Lee: I think initially it was just absorbing as much content as we possibly could: keeping up with everything, and then just trying to stand out, and do something a little different. That’s kind of where we developed our own personal style, which I think comes through in the editing, for us.
Joseph: So on the note of where things are headed, we went from, I don’t know, six, seven years ago, where YouTube was a place to have fun to now, anyone with a lot of followers can get brands to work with them. Whether you’re a makeup artist, you can move the needle and sell a product if you start posting about a specific brand. Where do you think things are going to head in the future, with more people that have access to have more followers, where everyone becomes a content creator?
Lee: I think it’ll always go back to quality: as long as people are putting out good stuff, I think they’re going to get the opportunities.
Wightman: Or, they might take that approach and then regret it, just based on the quality or the reception of it. Maybe it didn’t turn out how they would’ve liked it to. I mean, I’ve heard stories of friends investing in YouTube stars, and they would do a movie or something, or a film, and it wouldn’t sell at all.
Joseph: What’s the biggest learning curve that you had, going from DIY to really running and conducting a symphony–because that’s kind of what directing is, right? You’ve got hundreds of people, and crew, and cast: how do you keep up with that? That can’t just be right on the internet.
Lee: I think we were pushed right into the deep-end, because our first big set was in India.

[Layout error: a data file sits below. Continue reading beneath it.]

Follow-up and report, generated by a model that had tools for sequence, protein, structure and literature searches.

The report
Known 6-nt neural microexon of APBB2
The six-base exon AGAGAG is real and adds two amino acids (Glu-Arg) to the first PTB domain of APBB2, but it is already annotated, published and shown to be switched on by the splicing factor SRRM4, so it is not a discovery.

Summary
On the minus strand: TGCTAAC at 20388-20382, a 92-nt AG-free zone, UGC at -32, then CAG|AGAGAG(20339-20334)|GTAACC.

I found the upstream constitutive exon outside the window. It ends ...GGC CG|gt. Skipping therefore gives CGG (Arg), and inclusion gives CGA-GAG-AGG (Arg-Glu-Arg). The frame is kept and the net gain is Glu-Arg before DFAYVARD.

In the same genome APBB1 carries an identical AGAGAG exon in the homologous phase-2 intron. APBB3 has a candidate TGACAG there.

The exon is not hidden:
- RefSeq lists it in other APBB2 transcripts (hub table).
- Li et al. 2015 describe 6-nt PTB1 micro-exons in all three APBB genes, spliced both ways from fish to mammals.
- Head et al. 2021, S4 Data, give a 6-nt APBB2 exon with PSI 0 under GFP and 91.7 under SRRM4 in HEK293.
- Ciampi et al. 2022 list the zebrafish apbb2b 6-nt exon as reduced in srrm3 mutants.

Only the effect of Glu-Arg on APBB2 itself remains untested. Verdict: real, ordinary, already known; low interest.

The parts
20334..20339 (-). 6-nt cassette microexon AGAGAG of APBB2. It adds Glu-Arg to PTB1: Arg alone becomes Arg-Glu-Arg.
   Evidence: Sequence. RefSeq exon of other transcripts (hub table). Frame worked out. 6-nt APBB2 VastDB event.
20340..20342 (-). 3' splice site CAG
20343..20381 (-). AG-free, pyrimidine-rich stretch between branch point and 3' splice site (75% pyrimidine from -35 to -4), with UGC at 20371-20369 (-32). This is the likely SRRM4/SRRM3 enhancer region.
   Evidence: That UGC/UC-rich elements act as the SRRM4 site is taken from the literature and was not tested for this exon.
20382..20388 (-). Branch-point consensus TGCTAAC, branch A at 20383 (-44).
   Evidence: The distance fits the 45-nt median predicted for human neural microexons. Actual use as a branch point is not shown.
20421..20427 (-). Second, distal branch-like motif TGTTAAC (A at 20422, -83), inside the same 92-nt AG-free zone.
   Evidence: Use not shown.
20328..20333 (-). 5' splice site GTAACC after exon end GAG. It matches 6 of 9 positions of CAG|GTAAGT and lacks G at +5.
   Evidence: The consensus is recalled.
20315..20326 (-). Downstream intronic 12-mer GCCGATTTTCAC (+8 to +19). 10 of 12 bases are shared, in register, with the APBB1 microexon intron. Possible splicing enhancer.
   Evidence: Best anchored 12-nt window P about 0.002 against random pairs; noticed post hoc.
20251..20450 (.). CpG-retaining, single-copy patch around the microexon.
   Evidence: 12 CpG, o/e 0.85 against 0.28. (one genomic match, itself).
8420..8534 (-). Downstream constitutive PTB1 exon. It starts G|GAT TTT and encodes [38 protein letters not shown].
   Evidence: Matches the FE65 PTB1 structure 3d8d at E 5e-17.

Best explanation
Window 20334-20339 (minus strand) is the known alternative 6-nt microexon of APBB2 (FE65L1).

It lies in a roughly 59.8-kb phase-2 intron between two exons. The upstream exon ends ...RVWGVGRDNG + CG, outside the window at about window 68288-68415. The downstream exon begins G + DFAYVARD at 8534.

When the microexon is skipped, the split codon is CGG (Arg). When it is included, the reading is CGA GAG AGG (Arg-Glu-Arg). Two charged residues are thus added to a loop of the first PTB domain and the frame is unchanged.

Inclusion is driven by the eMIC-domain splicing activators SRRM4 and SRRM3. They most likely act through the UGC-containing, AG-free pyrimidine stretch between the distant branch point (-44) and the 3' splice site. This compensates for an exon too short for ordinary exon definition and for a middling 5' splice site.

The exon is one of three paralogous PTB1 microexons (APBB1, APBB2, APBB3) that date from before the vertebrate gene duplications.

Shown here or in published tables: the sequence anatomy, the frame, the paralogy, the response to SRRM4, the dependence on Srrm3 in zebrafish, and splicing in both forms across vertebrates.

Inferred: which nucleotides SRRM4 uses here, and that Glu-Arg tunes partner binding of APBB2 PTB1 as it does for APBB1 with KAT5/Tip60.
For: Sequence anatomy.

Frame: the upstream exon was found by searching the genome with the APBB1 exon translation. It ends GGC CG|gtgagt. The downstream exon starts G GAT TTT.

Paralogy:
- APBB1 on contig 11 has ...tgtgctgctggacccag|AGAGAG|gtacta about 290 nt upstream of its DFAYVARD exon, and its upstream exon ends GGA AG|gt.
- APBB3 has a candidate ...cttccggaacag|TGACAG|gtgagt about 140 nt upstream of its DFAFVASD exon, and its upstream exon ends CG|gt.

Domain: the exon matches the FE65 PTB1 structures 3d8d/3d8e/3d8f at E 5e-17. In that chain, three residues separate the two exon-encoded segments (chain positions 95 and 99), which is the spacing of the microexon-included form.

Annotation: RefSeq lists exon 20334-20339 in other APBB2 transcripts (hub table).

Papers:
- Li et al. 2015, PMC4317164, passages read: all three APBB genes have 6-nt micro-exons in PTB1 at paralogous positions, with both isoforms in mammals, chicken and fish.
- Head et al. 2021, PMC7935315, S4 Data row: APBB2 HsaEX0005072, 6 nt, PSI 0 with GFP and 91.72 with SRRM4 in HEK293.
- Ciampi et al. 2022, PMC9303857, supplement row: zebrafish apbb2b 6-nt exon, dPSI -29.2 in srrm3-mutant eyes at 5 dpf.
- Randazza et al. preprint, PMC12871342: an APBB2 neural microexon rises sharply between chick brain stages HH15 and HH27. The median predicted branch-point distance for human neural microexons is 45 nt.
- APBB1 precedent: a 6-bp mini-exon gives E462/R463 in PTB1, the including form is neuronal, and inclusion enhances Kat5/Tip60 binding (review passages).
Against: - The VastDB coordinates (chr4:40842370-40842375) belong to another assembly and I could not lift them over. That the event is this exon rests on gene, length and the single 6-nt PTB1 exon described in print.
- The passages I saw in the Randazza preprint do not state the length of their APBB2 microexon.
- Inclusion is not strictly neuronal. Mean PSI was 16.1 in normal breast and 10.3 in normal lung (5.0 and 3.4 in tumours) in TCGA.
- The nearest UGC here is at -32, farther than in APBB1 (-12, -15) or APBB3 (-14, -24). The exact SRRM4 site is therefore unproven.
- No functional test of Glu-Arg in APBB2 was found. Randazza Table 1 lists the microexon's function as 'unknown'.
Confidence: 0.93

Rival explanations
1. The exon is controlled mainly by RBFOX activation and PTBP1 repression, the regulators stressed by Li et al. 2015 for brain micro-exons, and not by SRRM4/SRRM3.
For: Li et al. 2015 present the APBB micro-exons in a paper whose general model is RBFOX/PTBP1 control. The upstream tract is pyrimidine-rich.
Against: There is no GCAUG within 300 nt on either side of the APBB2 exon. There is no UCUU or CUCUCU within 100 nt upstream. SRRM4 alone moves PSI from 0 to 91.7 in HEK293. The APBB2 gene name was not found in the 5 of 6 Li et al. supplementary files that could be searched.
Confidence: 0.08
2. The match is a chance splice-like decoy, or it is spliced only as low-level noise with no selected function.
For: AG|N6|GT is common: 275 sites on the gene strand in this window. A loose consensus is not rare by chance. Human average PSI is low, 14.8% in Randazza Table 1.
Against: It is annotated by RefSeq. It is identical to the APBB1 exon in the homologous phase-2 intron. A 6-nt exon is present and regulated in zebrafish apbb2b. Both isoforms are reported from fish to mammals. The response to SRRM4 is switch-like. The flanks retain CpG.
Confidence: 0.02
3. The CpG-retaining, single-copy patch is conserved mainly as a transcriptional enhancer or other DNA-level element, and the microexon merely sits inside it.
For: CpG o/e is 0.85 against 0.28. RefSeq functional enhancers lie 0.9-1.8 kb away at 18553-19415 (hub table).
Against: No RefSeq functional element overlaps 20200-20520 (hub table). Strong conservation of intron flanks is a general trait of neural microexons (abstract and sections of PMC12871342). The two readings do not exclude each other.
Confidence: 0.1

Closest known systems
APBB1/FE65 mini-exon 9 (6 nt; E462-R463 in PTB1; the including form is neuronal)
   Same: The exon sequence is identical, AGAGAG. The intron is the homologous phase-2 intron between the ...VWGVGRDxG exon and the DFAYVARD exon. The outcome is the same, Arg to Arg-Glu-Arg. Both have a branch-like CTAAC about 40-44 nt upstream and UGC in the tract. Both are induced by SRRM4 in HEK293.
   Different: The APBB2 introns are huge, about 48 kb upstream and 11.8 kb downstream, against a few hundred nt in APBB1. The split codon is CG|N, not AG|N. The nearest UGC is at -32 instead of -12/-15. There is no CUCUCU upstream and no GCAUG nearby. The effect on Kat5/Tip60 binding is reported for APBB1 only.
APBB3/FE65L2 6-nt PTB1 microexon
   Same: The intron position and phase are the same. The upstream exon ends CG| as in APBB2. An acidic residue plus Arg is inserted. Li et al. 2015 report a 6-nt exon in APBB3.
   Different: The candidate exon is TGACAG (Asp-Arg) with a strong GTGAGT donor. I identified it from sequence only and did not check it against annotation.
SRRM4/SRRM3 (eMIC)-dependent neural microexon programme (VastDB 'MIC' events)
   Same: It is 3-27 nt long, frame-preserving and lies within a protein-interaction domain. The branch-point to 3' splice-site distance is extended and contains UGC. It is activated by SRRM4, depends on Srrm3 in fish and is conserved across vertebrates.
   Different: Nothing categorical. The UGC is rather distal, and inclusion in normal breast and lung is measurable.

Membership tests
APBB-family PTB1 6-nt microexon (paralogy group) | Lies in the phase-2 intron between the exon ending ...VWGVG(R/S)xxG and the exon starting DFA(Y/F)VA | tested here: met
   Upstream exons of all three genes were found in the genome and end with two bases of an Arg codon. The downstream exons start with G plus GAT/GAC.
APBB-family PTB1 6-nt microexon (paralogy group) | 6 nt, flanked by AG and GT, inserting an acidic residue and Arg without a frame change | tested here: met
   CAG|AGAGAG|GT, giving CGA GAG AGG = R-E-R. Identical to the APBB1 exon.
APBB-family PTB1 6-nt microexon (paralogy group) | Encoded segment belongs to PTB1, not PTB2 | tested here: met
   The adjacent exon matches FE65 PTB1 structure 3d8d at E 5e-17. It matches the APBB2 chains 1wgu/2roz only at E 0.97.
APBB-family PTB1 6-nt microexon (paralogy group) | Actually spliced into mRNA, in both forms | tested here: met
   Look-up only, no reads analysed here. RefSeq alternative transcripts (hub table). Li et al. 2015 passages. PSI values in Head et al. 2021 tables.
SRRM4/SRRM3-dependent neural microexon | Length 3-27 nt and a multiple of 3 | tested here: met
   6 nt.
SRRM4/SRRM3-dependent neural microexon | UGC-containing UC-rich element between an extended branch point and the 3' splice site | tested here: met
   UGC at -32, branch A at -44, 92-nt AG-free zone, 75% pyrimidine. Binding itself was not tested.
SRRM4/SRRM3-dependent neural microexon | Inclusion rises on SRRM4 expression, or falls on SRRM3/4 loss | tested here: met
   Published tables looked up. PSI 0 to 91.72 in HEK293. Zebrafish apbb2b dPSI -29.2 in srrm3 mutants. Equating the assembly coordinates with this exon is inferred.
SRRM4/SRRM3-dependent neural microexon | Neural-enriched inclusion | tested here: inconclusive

Joseph: That was for Iggy Azealea?
LEE: Yeah, and it was just like, going from a seven person crew to, like, 100. Someone’s job would be to, like, hold chai tea. For us, it was very overwhelming. The first time, I felt like we didn’t get as much as we wanted to done, actually. I think for the project we did for The Weeknd was the first time we really felt like we brought our DIY nature to a big set, as well.
Audience question: What would you consider to be your favorite projects?
Lee: I think even after we were signed to Legs, the best projects were the ones that we had a lot of control over and were super passionate about. You know, we would do jobs that were commissioned to us, but sometimes we hit up, like, an artist – like a musician – and work with them.
Wightman: Doing passion projects and not doing things for the money, I think has really helped us. All our best projects have been things we’ve felt passionate about.
Lee: And then eventually, you know, we felt like the money and stuff would come later, and that’s just the investment, I think: to do good work before you think about the money.
Joseph: And you’ve got to keep making enough to have a distinct visual style. Nobody will hire us or we won’t hire anybody else unless you already have that style.
Joseph: I remember, I was a photographer – this is like, I don’t know, 2000 – I had a great portfolio, but people kept saying “just keep shooting,” and I was like, “what do you mean, keep shooting? You’re saying I’m publishable, I’m great, why don’t you hire me?” They’re like, “keep shooting.” I gave it up to follow other interests, but I realized afterwards they didn’t say “keep shooting because you’re not good,” but “keep shooting because we need to understand what your view is on things,” so that’s just a recommendation for makers out there: just keep making, keep making. That’s how you get found, and good people rise to the top, thanks to things like Vimeo.
Lee: What’s it like for you [Adam], to build a roster: tapping into all the different styles, and building something that’s balanced?
Joseph: It’s interesting. There’s a balance between art and commerce. The same way as when you guys were doing Facebook: there’s art, there’s commerce in it. It’s trying to build a portfolio that makes sense as a whole, yet we try to equally do things that we feel are going to advance the industry, and, we’re a business, and try to find things that are also relevant to the industry, and making sure as much as we can to make really smart choices to sign people that fit into the family vision of what Legs stands for, which is really progressive, genre-defying work, you know. That’s how I would kind of encapsulate it.
Stay tuned to Milk for more innovative filmmakers.